Cleary is shepherding a bill on transportation funding that will offer senators a menu of funding choices through amendments, the idea being that the Senate can pick and choose what funding mechanism it can stomach, whether it is increased driver's license fees or indexing the gas tax for inflation. The fees for alternative fuel vehicles are among the choices.

Now increasing the gas tax isn't among the choices on that bill.Separate legislation to increase the gas tax has been filed, but Gov. Nikki Haley has threatened to veto any such increase.

Instead, Haley has suggested that lawmakers shake the General Fund's "money tree," the difference in annual revenue estimates from first to final projections she says average more than $100 million each year.

Currently, South Carolina taxpayers can earn a tax credit for the purchase or lease of an alternative fuel vehicle equal to 20 percent of what the federal tax credit would be, according to the law, which in most cases doesn't amount to more than $700.

That is why some senators want to increase the credit to $1,000. However, not many file for credits, perhaps because of confusion.

The federal government phased out its credits and while South Carolina law treats the federal credits as if they always will exist, the wording can confuse people.

For the 2012 fiscal year, according to the Department of Revenue, 39 vehicle owners claimed the alternative vehicle credit, for a total of $112,436, according to agency spokeswoman Samantha Cheek.

Meanwhile, the number of alternative fuel vehicles is growing nationwide. According to the U.S. Department of Energy, dealers nationwide sold just under 400,000 hybrid electric vehicles in 2012, a dramatic increase from 2004, when fewer than 100,000 of the vehicles were sold.

Other states that have looked at collecting revenue from owners of alternative fueled vehicles, including hybrid electric and all-electric, have come up with a variety of methods.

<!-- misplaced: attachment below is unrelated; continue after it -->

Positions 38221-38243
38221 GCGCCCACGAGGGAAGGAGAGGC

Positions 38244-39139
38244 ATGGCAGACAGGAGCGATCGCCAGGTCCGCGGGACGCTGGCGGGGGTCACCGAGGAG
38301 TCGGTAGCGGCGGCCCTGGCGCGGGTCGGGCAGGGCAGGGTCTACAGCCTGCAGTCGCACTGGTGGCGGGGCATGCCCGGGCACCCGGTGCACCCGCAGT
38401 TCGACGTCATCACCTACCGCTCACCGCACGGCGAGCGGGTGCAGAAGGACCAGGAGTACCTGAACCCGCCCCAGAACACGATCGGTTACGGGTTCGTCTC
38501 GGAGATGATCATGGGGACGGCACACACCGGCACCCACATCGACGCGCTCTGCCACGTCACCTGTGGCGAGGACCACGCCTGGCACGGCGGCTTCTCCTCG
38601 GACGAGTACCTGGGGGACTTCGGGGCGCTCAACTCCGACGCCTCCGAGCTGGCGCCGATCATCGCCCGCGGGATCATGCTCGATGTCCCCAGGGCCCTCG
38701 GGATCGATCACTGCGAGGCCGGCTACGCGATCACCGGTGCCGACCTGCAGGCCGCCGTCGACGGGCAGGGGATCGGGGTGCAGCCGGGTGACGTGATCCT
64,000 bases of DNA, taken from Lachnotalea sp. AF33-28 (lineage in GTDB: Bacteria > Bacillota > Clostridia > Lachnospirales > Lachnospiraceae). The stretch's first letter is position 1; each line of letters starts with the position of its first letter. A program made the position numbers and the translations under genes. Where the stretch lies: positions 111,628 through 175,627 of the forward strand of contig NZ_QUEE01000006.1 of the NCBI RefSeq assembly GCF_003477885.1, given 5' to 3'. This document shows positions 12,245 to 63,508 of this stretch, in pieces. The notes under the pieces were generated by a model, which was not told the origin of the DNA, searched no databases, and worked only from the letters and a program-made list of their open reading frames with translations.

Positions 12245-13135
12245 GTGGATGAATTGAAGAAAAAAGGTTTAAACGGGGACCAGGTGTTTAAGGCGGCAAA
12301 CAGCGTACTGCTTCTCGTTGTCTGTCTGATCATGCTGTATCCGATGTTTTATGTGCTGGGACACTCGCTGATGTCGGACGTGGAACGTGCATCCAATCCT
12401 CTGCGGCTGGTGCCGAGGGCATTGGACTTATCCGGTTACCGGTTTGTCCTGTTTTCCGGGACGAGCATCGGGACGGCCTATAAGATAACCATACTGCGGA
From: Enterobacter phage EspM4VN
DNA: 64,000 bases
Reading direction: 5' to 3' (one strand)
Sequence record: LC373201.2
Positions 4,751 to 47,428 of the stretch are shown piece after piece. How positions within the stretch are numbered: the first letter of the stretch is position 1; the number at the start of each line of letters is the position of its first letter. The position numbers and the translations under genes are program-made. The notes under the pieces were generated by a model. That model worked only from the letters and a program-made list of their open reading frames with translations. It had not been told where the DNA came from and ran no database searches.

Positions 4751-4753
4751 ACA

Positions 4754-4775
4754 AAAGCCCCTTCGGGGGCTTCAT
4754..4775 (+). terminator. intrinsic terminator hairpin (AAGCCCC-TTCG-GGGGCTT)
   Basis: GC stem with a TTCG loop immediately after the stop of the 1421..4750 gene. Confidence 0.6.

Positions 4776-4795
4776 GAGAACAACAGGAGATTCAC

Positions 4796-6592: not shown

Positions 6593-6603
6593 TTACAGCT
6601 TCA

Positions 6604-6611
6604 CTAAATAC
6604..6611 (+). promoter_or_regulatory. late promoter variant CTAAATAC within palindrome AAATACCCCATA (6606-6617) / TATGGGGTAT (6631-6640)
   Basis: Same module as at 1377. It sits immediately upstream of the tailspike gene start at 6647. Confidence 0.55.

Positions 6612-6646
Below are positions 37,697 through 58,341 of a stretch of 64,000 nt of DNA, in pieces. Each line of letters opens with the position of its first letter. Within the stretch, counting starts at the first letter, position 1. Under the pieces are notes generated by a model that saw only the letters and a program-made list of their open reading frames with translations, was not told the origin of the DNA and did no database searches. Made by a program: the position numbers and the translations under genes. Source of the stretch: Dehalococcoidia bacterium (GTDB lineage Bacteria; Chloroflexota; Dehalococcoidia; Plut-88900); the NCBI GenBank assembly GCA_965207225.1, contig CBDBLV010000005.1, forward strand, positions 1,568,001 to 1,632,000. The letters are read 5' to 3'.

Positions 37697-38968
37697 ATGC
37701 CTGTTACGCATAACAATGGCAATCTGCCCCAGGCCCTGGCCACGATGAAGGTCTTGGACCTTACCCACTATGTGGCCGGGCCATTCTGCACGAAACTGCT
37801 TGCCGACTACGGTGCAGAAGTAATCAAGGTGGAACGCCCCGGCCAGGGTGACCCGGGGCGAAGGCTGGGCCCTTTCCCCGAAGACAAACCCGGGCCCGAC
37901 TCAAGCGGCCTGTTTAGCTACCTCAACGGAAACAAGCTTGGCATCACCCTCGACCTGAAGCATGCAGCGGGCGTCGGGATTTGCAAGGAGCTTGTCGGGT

In Oregon, for example, owners pay $43 annually. In Washington, electric-powered vehicles pay $100 annually. Vehicles powered by propane and natural gas pay according to their weight, with fees ranging from $45 to $250. In Iowa, the annual fee is $25 unless the vehicles are five years old or older, in which case the fee is $15. In Arizona, owners pay a license tax of $4 per $100 assessed value, that being 1 percent of the manufacturer's base retail price. The minimum tax is $5 per year. And in Louisiana, alternative fuel vehicle owners pay a tax annually of either $120 or 80 percent of the current special fuels tax.

"If these things are going to cut down on the use of gasoline, which is our only source of income for highway construction, we've got to figure a way to generate income for DOT," said Sen. Billy O'Dell, a Ware Shoals Republican who is among the sponsors of the tax credit for alternative fueled vehicles.

O'Dell said it's important for the state also to promote the usage of non-fossil fuels, the idea behind tax credits. "It's going to help the environment as well as make us more self-sufficient in our usage of power," he said.

Bill Ross, executive director of the South Carolina Alliance To Fix Our Roads, said lawmakers have to address the issue of vehicles with alternative fuels because their numbers will only increase. 

"I don't think you have much choice in the long run," he said of fees. "Because we're going to continue to see more and more alternative vehicles and you're going to see a continued decline in the use of motor fuel."